What Does Depression Feel Like?


“But what we call our despair is often only the painful eagerness of unfed hope.” – George Eliot

Story Break

This title is a misnomer.  I cannot describe how depression feels.  I can only describe what it looks like.

There is a lint ball, under our hallway chest, the one my husband brought into the marriage, where we keep wrapping paper and orphan buttons, right next to where the lamp is plugged in. It moves slightly from some minuscule breeze, a current I cannot feel.  There’s a hair in it, long, mine.  it moves back under the chest and behind the leg.  And then out again.  Like a dancer.

It’s quite active, this lint ball.

Why do I know this? 

I see it.

I’m lying on the floor. 

On our 2nd floor landing at the top of the stairs.  My head is pressed against the wood, my body might be on the carpet. I didn’t plan to be here, I just got overwhelmed in sadness and this is where I came.  

I have depression.

The floor is a comfort. I come here to cry. To grieve for nothing and everything. Images flash through my head. Images of sadness, other people crying, people I’ve lost, emotions without names.

Then words come, phrases. I don’t see them, I hear them.  I can’t do this, why am I alone, I don’t have any one to talk to, I cannot do this anymore. I cry them outloud, too. It’s unclear what is in my head and outside of it.

And then, there are moments of joy.  Being free. Not being this person or in this body.

And then I think of my husband. His face. His voice.

The tears stop. Just stop. Like a faucet that’s been turned off.

But I’m not ready to get up.  I want to lay here, forever. There is no time, no anxiety, not rush.

I seek floor, or corners, when I am depressed.  There is something about the heavy smoothness of our floors that pull me to them.  They have gravitas.  We have area rugs so sometimes I’ll go on one and curl up.  It feels safe, like an island. 

And corners, I love corners. I need to be held, and since there is no one around, I wrap the walls around me.  These places make me feel safe, protected.

My mom tells me to stay out of the corners. To come and stay in the center of the room where I can feel love. Real love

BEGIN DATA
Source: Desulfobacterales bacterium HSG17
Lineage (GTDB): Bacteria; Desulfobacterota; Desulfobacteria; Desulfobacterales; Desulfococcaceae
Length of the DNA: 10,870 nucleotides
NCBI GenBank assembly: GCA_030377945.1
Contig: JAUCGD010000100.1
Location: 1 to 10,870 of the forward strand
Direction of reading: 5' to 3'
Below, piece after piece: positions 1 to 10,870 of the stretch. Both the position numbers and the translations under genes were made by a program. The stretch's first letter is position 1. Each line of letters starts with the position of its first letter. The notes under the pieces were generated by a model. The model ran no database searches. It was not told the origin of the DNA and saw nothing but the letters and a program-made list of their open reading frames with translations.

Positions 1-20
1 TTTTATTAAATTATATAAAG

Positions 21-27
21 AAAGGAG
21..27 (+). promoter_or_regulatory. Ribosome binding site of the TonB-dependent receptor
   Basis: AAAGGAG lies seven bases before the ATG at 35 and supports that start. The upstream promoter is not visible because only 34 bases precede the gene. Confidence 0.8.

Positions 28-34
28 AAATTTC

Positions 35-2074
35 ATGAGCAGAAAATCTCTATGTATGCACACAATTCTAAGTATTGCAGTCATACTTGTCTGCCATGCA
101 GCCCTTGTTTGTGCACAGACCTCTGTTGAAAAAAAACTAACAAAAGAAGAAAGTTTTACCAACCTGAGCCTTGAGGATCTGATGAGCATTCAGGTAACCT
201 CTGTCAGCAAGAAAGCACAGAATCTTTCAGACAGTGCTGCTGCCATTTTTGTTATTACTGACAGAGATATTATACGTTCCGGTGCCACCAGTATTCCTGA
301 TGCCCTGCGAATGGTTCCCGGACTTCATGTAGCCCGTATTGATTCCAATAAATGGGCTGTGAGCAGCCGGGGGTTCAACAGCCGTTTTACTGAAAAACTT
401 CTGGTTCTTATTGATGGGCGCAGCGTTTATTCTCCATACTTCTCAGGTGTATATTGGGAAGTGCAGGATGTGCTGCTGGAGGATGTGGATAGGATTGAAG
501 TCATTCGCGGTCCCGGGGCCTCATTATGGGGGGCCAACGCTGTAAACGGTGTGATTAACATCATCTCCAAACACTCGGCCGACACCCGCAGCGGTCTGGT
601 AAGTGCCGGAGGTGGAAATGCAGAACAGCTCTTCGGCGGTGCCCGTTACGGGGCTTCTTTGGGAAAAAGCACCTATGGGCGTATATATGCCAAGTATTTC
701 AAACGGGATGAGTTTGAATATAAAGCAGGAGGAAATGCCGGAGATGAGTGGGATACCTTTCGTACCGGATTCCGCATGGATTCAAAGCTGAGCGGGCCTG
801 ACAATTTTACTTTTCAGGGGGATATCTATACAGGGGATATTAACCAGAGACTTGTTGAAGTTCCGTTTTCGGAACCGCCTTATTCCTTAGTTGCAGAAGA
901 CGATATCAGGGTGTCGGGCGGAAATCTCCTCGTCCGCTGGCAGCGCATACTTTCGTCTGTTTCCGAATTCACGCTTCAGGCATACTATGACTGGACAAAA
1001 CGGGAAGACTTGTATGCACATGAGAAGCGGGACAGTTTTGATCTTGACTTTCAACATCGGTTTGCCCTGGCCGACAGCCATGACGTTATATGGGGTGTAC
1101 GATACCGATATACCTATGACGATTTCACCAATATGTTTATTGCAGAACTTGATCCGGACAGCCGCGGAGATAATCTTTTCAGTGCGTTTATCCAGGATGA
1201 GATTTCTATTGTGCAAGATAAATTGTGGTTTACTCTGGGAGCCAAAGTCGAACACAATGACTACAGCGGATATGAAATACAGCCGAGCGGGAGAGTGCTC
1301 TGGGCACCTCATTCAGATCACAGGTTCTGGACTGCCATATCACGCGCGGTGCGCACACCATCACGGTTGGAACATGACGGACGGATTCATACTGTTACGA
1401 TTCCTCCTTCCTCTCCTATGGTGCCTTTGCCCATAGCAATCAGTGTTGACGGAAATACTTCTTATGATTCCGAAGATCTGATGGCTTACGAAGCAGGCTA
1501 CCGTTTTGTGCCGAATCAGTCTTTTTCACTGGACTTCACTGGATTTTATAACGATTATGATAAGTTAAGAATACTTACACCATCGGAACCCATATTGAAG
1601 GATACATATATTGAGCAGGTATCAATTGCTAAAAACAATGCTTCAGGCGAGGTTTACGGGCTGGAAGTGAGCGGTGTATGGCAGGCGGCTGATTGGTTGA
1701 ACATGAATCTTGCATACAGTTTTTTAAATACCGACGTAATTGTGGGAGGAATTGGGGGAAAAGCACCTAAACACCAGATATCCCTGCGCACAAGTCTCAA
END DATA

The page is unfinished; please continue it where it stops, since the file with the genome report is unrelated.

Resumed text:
This round, however, I’m on the floor. Flat out, beaten. I’m not looking at anything in particular, and not feeling anything.  Just deliriously exhausted, like I’ve been up for days.  This is the state I will stay in, empty, just not caring.  Days, weeks. I usually drop out of sight, withdraw from my own world and others’. I can’t take care of myself, I do the bare minimal. 

It’s ok, I’m not hungry anyway.
It could last a day, a few days, or weeks.  I’m completely useless, not thinking, not feeling, just breathing and sleeping. But every once in a while I’ll start to feel again, and it quickly overwhelms me, and then I’ll seek out the floor. Or a corner. It is so hard, so damn hard to stay in the center of the room. To be loved. I try, but sometimes I just can’t do it.

This is the cycle I’m in and where I was a few moments ago.  And then the lint caught my eye.  I watched it all afternoon. There is no time right now. Just day, and not day.

The way it keeps moving when I cannot.  It seems to have a life force. How does it do that? Why can’t I do that?

I don’t know. Many things I don’t know.  What does depression feel like? That I know.

I just can’t easily describe it. I also know this isn’t my fault.  There are imbalances in my brain that overwhelm me with stimulants and what not. Powerful, powerful stuff.  It is not rational, I can’t think my way out of it. I’d like more than anything not to be crippled by this.  But I am.  I do something about it, treat it, but sometimes it’s not enough.

Which brings me to the floor.…pondering what could be my life force. Do I have one?  Well, I’m still here, so yes…but I don’t feel like I have one. Right now my life force feels a bit deflated. Like it’s napping, or taking a holiday.

So I just lay there, empty of tears, empty of everything. Waiting.



Then, I don’t know how long—a minute, an eternity— I felt a warmth, like when you think of a person you want to see smiling at you.  The warmth turned into an urge, a warm urge. I felt compelled to write this down and share with people, make it ok to talk about this stuff.  Just like that.
So I did.  I wrote it down and am here, posting. Because it is ok to talk about this stuff, it’s imperative, in fact.

That compulsion didn’t get me over depression, it didn’t solve it.  It will come back, perhaps in a few hours, perhaps tomorrow.

But it made me care about something. That got me off the floor.

What does depression feel like? Today, it feels no longer.



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